Date of Award

Fall 2016

Project Type


Program or Major

Civil Engineering

Degree Name

Master of Science

First Advisor

Charlie Goodspeed

Second Advisor

Erin S Bell

Third Advisor

Ricardo A Medina


Until the last decade, the underwater sound produced during marine pile driving and underwater drilling work was not considered a hazard to marine life. However, beginning with state environmental agencies on the West Coast, NOAA National Marine Fisheries Service has taken a national interest in this possible source of environmental disturbance to endangered species and marine mammals. Under Section 7 of the Endangered Species Act and the 1972 Marine Mammal Protection Act, “taking” of endangered species or marine mammals includes activities that could cause physical harm, harassment, or behavioral modification of a protected species. High intensity sound produced by construction activities can meet these legal standards of a “taking”.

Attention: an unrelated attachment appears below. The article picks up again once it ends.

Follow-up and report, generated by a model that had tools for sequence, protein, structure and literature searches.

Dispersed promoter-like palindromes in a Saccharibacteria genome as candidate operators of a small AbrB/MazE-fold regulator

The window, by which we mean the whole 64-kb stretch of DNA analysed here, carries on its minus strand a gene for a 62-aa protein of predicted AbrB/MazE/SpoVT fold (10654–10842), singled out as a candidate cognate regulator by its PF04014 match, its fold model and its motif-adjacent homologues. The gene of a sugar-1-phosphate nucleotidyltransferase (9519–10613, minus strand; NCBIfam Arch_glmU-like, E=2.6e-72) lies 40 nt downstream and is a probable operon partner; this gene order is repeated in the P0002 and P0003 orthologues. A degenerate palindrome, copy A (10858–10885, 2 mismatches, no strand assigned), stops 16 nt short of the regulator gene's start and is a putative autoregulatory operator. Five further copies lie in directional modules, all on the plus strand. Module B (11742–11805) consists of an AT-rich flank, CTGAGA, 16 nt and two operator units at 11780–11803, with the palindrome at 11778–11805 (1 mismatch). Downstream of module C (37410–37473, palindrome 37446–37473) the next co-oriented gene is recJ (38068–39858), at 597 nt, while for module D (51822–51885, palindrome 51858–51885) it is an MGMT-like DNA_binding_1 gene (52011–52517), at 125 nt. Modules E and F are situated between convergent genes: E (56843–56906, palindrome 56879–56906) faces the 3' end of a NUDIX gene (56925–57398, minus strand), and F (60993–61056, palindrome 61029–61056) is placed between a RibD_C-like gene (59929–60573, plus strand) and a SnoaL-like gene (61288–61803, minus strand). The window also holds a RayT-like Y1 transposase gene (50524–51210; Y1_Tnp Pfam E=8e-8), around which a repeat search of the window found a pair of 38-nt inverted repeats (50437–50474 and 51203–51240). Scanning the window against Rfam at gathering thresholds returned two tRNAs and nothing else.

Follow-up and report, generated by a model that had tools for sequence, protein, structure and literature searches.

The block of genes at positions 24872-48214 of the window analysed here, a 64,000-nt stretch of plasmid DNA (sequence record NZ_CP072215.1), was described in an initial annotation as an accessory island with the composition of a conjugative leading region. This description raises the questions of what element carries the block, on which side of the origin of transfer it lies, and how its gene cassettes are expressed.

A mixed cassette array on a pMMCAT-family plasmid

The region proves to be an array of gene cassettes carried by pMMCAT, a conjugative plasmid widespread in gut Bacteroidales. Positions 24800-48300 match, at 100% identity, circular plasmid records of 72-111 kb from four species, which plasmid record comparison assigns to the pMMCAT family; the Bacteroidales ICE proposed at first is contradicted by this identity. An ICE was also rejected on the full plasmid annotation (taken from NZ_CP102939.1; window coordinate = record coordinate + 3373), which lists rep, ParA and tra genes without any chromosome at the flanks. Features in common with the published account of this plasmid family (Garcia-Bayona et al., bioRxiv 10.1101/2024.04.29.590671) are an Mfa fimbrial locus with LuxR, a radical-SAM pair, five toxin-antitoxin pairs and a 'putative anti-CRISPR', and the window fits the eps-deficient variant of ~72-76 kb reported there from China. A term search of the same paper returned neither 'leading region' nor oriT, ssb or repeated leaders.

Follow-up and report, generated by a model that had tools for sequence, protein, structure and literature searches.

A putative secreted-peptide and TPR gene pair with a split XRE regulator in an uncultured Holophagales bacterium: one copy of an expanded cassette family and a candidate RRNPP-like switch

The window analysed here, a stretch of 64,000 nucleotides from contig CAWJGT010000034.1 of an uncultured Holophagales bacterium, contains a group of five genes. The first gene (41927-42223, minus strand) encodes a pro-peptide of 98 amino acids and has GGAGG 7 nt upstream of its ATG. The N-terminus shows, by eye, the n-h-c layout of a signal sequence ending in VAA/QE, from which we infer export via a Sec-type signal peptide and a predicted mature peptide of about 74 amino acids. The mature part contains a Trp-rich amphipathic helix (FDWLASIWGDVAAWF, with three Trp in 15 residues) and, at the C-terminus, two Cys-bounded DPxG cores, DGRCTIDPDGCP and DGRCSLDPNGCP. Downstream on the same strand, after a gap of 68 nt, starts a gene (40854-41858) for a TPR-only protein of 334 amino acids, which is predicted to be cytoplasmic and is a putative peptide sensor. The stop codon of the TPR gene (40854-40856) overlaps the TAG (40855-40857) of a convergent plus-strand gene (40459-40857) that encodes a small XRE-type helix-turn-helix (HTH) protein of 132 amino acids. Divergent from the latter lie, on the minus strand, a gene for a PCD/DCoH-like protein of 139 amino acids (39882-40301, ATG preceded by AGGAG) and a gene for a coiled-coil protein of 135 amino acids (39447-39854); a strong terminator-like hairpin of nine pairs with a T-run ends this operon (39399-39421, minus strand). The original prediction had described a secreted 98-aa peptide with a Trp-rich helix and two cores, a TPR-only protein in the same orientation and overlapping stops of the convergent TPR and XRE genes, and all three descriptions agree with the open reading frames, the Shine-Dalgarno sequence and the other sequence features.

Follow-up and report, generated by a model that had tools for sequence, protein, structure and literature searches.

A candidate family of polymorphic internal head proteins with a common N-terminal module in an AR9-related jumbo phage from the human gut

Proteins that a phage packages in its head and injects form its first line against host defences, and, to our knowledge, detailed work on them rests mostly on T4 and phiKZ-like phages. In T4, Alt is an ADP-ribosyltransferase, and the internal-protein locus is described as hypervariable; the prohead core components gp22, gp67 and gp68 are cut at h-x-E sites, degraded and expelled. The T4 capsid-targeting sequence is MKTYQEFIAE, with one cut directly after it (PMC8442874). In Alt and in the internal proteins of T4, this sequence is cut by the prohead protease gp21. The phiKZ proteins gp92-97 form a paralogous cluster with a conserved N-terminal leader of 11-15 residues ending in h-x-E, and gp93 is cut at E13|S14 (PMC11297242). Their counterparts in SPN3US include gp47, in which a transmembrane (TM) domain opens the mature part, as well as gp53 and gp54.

Many northern New England rivers and coastal areas are known habitats for endangered fish species and marine mammals. In response, NOAA NMFS has added recently-developed limits on sound energy produced by construction activities to its permits for new bridges and coastal infrastructure in locations considered a habitat for protected species. The equipment and methodologies to determine compliance to sound limits are generally unknown to the construction and civil engineering industry in New England. The University of New Hampshire Department of Civil Engineering was approached by regional DOT’s and contractors to develop an approach to meet these monitoring requirements. Several types of hydrophone equipment and data analysis methods were evaluated to assist regional DOT’s and contractors with accurately meeting the monitoring requirements on several projects. The goal of this research was to develop a means to accurately meet project noise monitoring specifications while ensuring that projects were not unduly impacted by inaccurate or unreasonable analysis of the acquired data. Over the course of several years and a handful of pile driving and foundation drilling projects, regional expertise was demonstrated in this complex and emerging area of regulatory compliance. Several critical areas for future research were identified to provide owners and contractors with methods to predict possible impacts during the design and planning phases of a project and reduce project risk.